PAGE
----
Welcome to Compact Contract, a blog where experts from Allen & Overy analyse the latest contract law themes and developments, and what they mean for your business.

When is a contract not a contract? When it’s a CVA.

Oliver Rule

A company voluntary arrangement (or CVA) – the procedure under the Insolvency Act through which companies can compromise their liabilities provided enough creditors agree – is often thought of as statutory contract. But, as Wright v Prudential Assurance shows, this does not mean that every contractual principle applies to a CVA. BHS’ stores were costing Read More

How obvious is a ‘manifest error’?

Crawford Jamieson

In Amey Birmingham Highways v Birmingham City Council, the Court of Appeal offered guidance on the meaning of the phrase ‘manifest error’. Under a PFI contract with the City Council, Amey agreed to maintain Birmingham’s road system. The roads to be maintained were defined by reference to a data set, 60% of which was based Read More

Wrongful diversion of business and the availability of springboard injunctions

Jin Ooi

In breach of express confidentiality obligations in their employment contracts, the defendants in Aquinas v Miller wrongfully diverted business from Aquinas, their former employer, to their newly set up competing business. Was Aquinas entitled to a springboard injunction? The typical purpose of springboard relief is to deprive a defendant of any head start of having, Read More

701 Aggregations. Spotting when many insurance claims are treated as a single pack

Russell Butland

In Spire v Royal & Sun Alliance the Court of Appeal held that over 700 claims of the victims of surgeon Ian Paterson should be aggregated as a single claim for the purposes of the hospital’s liability policy. Spire runs a number of private hospitals where Ian Paterson, a Consultant Breast Surgeon, operated. Over 700 Read More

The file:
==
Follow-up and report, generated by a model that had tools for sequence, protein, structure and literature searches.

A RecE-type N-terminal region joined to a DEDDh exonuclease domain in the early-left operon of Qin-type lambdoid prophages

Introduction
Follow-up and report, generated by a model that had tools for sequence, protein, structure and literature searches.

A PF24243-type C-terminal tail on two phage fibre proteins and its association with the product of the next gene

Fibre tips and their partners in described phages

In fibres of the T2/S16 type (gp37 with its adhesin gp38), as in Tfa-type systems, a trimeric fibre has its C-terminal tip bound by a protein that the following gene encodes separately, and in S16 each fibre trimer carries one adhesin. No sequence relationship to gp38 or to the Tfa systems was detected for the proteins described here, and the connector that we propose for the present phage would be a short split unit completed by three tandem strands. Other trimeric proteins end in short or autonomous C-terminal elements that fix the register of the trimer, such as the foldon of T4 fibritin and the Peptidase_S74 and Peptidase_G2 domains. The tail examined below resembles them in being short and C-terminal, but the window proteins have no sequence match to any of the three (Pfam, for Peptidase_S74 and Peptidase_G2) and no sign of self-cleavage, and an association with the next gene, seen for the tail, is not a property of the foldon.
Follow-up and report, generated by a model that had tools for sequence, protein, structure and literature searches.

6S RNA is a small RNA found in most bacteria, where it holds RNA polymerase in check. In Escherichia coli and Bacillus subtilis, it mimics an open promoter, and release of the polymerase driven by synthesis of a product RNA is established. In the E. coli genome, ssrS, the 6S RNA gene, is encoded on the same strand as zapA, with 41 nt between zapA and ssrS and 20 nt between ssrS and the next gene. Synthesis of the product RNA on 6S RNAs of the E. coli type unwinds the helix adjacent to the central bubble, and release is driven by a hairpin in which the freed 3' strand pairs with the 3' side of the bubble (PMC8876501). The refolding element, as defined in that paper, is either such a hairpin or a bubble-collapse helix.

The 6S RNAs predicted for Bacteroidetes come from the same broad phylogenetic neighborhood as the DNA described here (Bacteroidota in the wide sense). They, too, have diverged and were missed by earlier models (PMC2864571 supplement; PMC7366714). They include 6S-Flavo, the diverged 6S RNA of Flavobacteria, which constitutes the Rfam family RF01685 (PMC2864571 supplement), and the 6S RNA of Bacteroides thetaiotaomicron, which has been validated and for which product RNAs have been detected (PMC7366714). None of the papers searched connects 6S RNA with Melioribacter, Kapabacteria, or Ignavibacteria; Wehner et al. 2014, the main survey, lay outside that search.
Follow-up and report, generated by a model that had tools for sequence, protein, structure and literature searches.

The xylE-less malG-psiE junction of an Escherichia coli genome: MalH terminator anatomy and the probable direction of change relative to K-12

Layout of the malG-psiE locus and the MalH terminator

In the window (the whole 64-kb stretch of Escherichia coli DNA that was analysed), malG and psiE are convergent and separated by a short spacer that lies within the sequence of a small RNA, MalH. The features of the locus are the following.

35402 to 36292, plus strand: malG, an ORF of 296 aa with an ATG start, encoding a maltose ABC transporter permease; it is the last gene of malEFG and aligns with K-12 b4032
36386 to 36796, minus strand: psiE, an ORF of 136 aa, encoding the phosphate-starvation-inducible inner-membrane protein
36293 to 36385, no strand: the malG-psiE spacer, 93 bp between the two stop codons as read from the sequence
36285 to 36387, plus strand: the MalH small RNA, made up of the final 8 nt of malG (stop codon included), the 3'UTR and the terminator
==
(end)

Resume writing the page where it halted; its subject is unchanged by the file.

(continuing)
Certainty prevails: cause of action accrues when work done

Megan Betts

In Ice Architects v Empowering People Inspiring Communities, the High Court held that the entitlement to payment for work by ICE arose when the work was done, not when the invoice expired. ICE provided design services to EPIC. The agreement stated that the “basis of payment” was that ICE “will invoice EPIC on a monthly basis Read More

Your exclusion clause won’t benefit from hindsight

Samantha Holland

In Nesbit Law v Acasta Insurance the Court of Appeal held that an insurer could not rely on an exclusion clause in order to avoid paying out under its policy. The claimant personal injury solicitors were members of a funding scheme run by the defendant insurer and a bank. On joining the scheme the solicitors’ Read More

No contractual duty to protect spread betters against themselves

Elizabeth Staves

The Court of Appeal in Ehrentreu v IG Index held that very clear express words are required to give rise to a contractual duty to protect parties against inflicting economic harm on themselves. Ehrentreu placed substantial spread bets on market movements through IG. Under the agreement between the parties, Ehrentreu acknowledged that if he failed Read More

Exclusion clauses work

Lucy Judge

In Interactive E-Solutions v O3B, the Court of Appeal has, yet again, held that a widely drafted exclusion clause represented the allocation of risk between the parties. A dispute arose when Interactive refused to pay service fees due to O3B under a contract, and O3B purported to terminate the contract. Interactive brought an action for Read More

Making a clean break – are your termination clauses sufficiently slick?

Samantha Holland

It is worth giving careful thought when drafting termination provisions in commercial contracts to help avoid tricky disputes about when, and in what circumstances, agreements can be brought to an end early. In Monde Petroleum v Westernzagros the Court of Appeal considered when an exploration and production agreement (EPSA) became “fully operational and enforceable” for the Read More

To assign, or not to assign: that is not the primary question

Lucinda Critchley

In First Abu Dhabi Bank v BP, the Court of Appeal held that a warranty in a purchase letter that BP was not prohibited from disposing of a receivable was not breached by a no assignment clause in the underlying contract. BP entered into a contract with SAMIR for the sale and purchase of crude Read More